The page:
What should you know about elderly scams if you’re supporting an aging parent?

Good question.

We hear scam-related stories frequently from our Benton House family, often from children of seniors as we’re helping settle their older parents in one of our assisted living homes.

We’ve heard it all, from deceitful sweepstakes to romance scams. And it always has us clenching our jaws.

Because the reality is hard to accept.

Are there really people out there purposefully targeting senior citizens? Sadly, it happens often enough that it’s important to know the possibilities.

In fact, a Federal Trade Commission report stated that senior citizens, defined as over 60 years old, filed 318,850 fraud reports in 2019 — reporting losses of more than $440 million.[1]

Here are five useful statistics about elderly scams to know


Older adults report higher dollar losses from fraud than younger adults

Surprisingly, younger adults (aged 20-59) are more likely to report losing money to fraud on the whole. However, adults over 60 years old who report losing money describe significantly higher losses. And in particular? Seniors over 80 years old report the highest average losses — two to four times as much as any other age group.


Senior citizens are especially susceptible to certain scams

While younger adults are significantly more likely to report losing money from online shopping scams, older adults are much more vulnerable to a handful of other types of frauds. Specifically, adults over 60 are nearly six times (474%) more likely than younger adults to report losing money on a tech support scam. They’re also three times more likely to report dollars lost on prize, sweepstakes, or lottery scams. Finally, seniors are more than twice as likely to report a financial loss on a friend or family imposter scam.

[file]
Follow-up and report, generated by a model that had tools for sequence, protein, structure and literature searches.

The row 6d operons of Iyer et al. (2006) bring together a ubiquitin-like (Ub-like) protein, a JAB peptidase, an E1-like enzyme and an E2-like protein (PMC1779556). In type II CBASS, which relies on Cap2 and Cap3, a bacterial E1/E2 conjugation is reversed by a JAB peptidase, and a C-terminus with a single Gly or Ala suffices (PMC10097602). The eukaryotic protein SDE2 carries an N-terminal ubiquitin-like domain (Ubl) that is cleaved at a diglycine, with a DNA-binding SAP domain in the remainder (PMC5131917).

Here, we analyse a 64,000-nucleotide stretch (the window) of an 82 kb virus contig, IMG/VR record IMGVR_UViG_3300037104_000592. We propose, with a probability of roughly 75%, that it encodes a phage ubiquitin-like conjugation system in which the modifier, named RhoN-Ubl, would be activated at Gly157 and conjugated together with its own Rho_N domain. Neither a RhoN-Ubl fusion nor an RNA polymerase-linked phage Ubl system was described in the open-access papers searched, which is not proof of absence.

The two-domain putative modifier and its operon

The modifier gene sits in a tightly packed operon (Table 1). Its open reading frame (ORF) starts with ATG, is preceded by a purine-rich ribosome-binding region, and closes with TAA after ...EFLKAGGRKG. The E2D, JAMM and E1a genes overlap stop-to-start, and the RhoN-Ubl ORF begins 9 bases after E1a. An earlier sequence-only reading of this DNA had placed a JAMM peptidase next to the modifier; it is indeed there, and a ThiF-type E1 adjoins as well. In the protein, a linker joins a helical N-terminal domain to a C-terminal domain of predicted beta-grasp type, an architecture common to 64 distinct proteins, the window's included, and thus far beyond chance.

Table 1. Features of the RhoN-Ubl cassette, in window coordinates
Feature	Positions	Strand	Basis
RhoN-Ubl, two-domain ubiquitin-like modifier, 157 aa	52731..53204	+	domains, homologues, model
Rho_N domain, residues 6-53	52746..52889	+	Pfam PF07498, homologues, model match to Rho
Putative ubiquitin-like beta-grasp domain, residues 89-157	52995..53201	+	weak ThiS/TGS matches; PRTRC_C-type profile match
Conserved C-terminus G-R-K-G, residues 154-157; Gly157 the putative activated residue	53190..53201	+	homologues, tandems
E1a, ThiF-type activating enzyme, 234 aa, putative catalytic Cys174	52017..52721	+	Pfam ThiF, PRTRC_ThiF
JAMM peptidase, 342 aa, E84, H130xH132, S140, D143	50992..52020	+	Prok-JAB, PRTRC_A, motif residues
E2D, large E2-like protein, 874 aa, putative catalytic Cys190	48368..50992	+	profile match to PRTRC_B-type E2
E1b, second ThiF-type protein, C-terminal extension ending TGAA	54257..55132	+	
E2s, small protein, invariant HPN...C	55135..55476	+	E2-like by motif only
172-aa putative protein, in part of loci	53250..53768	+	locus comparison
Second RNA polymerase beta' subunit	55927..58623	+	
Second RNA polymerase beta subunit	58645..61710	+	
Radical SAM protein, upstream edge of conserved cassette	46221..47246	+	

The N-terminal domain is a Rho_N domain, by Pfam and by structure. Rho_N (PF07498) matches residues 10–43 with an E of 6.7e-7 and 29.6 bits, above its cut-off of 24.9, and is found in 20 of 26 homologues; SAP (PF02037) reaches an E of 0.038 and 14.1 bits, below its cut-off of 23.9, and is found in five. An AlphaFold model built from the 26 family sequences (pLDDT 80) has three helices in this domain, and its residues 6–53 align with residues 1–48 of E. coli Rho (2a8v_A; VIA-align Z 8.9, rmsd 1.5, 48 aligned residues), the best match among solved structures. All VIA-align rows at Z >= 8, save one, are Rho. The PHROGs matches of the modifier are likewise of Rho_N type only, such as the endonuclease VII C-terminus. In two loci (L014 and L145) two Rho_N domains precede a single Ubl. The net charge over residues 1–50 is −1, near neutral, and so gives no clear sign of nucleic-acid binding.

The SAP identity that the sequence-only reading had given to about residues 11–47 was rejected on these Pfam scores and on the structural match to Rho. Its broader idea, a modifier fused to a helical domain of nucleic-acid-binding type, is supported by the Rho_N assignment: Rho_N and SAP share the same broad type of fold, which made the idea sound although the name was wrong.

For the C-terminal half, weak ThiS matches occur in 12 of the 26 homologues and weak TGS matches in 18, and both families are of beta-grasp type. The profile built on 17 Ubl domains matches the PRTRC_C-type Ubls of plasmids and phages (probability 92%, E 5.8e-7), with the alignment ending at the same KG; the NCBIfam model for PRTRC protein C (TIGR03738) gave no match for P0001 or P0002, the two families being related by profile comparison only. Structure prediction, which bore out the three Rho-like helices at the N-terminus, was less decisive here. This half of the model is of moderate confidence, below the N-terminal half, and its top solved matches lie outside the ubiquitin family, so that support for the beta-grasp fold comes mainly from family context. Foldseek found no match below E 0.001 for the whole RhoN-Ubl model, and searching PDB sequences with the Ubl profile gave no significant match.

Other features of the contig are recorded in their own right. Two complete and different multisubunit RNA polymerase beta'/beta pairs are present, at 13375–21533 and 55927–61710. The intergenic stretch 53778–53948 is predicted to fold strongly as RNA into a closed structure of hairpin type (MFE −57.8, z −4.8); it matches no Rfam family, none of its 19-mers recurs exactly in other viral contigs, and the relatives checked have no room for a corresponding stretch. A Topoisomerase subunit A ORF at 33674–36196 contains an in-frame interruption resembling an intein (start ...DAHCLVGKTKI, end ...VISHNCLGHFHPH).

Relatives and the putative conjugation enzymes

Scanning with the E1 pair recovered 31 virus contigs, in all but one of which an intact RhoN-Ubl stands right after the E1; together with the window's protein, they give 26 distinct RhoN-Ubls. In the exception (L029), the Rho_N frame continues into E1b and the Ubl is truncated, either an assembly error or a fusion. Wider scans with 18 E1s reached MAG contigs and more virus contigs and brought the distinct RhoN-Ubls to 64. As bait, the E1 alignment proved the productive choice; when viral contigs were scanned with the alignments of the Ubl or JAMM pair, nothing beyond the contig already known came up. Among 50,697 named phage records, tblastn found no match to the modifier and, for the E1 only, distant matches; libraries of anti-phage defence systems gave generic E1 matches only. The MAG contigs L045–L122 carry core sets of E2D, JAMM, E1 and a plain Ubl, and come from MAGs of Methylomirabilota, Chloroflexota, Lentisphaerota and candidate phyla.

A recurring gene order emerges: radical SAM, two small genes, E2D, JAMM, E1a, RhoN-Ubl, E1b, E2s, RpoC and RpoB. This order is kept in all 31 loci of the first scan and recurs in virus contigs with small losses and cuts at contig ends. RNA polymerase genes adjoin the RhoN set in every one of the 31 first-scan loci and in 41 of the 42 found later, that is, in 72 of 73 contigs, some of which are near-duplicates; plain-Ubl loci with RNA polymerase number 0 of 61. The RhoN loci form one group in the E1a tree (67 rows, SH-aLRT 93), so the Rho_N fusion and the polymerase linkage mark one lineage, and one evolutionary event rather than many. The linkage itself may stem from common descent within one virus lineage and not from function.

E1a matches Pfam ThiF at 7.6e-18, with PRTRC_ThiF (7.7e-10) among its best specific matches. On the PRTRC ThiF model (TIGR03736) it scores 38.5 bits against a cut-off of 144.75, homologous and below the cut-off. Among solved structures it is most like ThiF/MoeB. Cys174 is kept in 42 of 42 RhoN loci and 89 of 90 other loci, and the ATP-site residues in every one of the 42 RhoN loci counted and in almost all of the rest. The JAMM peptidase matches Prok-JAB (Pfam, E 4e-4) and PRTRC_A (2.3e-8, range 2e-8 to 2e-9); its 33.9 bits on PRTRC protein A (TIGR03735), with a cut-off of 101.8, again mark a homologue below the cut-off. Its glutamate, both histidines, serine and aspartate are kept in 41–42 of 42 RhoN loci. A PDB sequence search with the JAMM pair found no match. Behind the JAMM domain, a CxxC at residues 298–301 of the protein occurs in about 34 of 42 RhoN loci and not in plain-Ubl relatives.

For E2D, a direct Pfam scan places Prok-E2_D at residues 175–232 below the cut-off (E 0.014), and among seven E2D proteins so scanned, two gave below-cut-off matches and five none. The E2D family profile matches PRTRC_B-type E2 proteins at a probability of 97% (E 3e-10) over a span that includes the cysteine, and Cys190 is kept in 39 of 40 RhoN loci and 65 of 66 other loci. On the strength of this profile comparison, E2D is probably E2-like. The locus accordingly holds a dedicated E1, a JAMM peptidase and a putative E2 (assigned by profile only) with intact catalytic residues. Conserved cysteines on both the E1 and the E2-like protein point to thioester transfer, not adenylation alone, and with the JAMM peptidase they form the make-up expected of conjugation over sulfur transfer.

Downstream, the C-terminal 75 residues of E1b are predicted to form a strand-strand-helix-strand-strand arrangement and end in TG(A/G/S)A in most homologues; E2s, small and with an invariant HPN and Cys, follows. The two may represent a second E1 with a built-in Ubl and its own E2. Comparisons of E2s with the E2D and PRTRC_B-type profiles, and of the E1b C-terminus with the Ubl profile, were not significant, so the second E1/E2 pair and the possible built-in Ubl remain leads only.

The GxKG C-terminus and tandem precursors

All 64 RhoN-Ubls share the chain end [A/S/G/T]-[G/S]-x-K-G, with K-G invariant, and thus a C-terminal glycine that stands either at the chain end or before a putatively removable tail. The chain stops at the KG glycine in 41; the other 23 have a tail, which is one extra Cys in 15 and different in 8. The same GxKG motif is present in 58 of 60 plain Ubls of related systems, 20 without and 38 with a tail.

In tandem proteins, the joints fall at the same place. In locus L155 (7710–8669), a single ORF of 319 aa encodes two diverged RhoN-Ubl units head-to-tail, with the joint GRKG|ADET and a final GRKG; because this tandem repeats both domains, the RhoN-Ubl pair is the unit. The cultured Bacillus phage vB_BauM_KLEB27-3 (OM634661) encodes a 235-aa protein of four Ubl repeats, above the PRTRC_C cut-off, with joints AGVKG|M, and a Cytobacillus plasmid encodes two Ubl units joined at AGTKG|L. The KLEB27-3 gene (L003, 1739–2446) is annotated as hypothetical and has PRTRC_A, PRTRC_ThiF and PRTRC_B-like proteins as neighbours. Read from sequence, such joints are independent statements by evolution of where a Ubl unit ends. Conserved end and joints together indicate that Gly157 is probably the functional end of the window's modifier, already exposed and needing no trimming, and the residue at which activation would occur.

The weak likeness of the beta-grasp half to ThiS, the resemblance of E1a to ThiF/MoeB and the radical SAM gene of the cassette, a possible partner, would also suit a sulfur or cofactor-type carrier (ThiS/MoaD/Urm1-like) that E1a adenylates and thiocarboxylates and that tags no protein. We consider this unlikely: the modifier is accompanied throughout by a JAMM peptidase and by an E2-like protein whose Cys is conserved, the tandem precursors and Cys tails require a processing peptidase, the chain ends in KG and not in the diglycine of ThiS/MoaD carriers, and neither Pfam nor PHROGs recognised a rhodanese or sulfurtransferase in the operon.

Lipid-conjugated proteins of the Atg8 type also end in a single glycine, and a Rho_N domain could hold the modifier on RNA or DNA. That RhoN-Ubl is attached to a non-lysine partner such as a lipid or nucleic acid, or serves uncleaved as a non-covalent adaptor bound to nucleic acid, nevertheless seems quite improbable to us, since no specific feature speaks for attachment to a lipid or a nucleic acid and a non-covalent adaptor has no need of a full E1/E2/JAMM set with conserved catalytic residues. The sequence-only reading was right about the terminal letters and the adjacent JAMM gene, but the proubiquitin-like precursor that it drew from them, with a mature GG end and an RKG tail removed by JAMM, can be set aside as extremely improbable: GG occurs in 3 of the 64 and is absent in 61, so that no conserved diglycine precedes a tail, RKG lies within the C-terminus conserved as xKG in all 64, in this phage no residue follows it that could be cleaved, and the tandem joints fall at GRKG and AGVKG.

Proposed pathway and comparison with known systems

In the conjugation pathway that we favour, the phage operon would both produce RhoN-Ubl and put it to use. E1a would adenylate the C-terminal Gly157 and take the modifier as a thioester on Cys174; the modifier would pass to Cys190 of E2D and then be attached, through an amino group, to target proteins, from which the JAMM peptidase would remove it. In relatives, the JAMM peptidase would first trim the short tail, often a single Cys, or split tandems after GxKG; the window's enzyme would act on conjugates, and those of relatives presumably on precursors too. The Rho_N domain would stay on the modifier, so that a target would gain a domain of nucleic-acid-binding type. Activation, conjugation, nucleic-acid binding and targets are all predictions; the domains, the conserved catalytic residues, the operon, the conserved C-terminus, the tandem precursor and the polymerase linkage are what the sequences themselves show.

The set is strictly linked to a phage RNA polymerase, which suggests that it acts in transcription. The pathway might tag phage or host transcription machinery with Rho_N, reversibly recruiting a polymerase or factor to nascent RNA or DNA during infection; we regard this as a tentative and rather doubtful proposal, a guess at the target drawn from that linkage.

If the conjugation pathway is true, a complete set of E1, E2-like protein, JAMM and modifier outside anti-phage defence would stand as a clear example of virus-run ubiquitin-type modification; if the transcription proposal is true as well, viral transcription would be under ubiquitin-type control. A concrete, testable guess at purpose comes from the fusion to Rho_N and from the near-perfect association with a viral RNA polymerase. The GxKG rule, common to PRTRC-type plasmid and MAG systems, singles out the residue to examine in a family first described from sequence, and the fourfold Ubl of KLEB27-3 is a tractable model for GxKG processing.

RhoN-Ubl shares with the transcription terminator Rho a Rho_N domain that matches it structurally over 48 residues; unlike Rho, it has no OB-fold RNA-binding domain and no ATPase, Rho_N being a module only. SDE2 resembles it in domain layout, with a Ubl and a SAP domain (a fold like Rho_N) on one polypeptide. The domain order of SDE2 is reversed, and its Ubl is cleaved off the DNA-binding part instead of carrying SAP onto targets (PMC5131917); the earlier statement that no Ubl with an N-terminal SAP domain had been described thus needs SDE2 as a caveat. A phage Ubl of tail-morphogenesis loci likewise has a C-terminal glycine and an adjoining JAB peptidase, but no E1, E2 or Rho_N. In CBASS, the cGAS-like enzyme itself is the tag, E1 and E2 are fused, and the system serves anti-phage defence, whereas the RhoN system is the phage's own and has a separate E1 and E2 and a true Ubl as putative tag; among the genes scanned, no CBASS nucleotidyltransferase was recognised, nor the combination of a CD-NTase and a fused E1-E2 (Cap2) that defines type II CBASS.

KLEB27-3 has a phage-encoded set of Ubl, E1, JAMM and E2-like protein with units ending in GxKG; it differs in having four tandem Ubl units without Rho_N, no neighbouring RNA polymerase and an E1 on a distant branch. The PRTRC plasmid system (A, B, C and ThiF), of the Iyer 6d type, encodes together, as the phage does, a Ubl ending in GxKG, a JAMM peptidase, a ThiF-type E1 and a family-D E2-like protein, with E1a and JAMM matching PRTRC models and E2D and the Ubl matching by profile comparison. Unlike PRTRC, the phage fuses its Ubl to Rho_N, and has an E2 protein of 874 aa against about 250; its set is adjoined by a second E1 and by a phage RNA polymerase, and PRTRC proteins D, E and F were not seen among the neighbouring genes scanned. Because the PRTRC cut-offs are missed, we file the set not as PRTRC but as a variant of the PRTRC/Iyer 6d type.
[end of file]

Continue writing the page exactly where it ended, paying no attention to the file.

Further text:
The most devastating category of elderly scams: romance

Seniors reported a shockingly high $84 million in aggregate losses on romance scams in 2019, for seniors between 60 and 79 years old. After romance, government imposter scams ranked next, with a reported $61 million loss from adults over 60.


Seniors 80 and older are most vulnerable to phone fraud and lottery-type scams

Adults over 80 report highest losses from prize, sweepstakes and lottery scams. Phone scams, more than any other method, result in the highest total reported losses by older adults, especially those 80 and older.


Scammers get money through gift cards and wire transfers

Overall, gift cards are the most common payment choice for scammers of older adults, followed by reload cards and credit cards. Wire transfer payments, however, took most dollars from seniors — most often in connection with romance scams. Nearly a third of the dollars seniors reported wiring to scammers — about $46 million — were related to romance scams via wire transfer, with an average individual loss of about $18,000.


    Protect your loved ones by being aware of potential scams

      In the case of elderly scams, knowledge is definitely power. Hopefully this overview of statistics can help equip you to know what to be aware of, as well as encourage you to start a conversation with your aging parents. Help them get into the driver seat so they know what to look out for, and you may help prevent a devastating situation.

      It helps to acknowledge that it’s possible your parents have a different mindset about fraud than you. One reason fraudsters target seniors is they can sometimes be overly trusting — on top of which their pride and desire for independence often prevents them from sharing with you what’s going on.


      Next Steps

      Concerned your elderly parents may be susceptible to scams? We understand what you’re going through. And we know how helpful it can be to talk to someone who’s seen it all. Feel free to call or send us a message anytime, and we can connect you with resources to support you and your loved ones.


      [1] Protecting Older Consumers – ftc.gov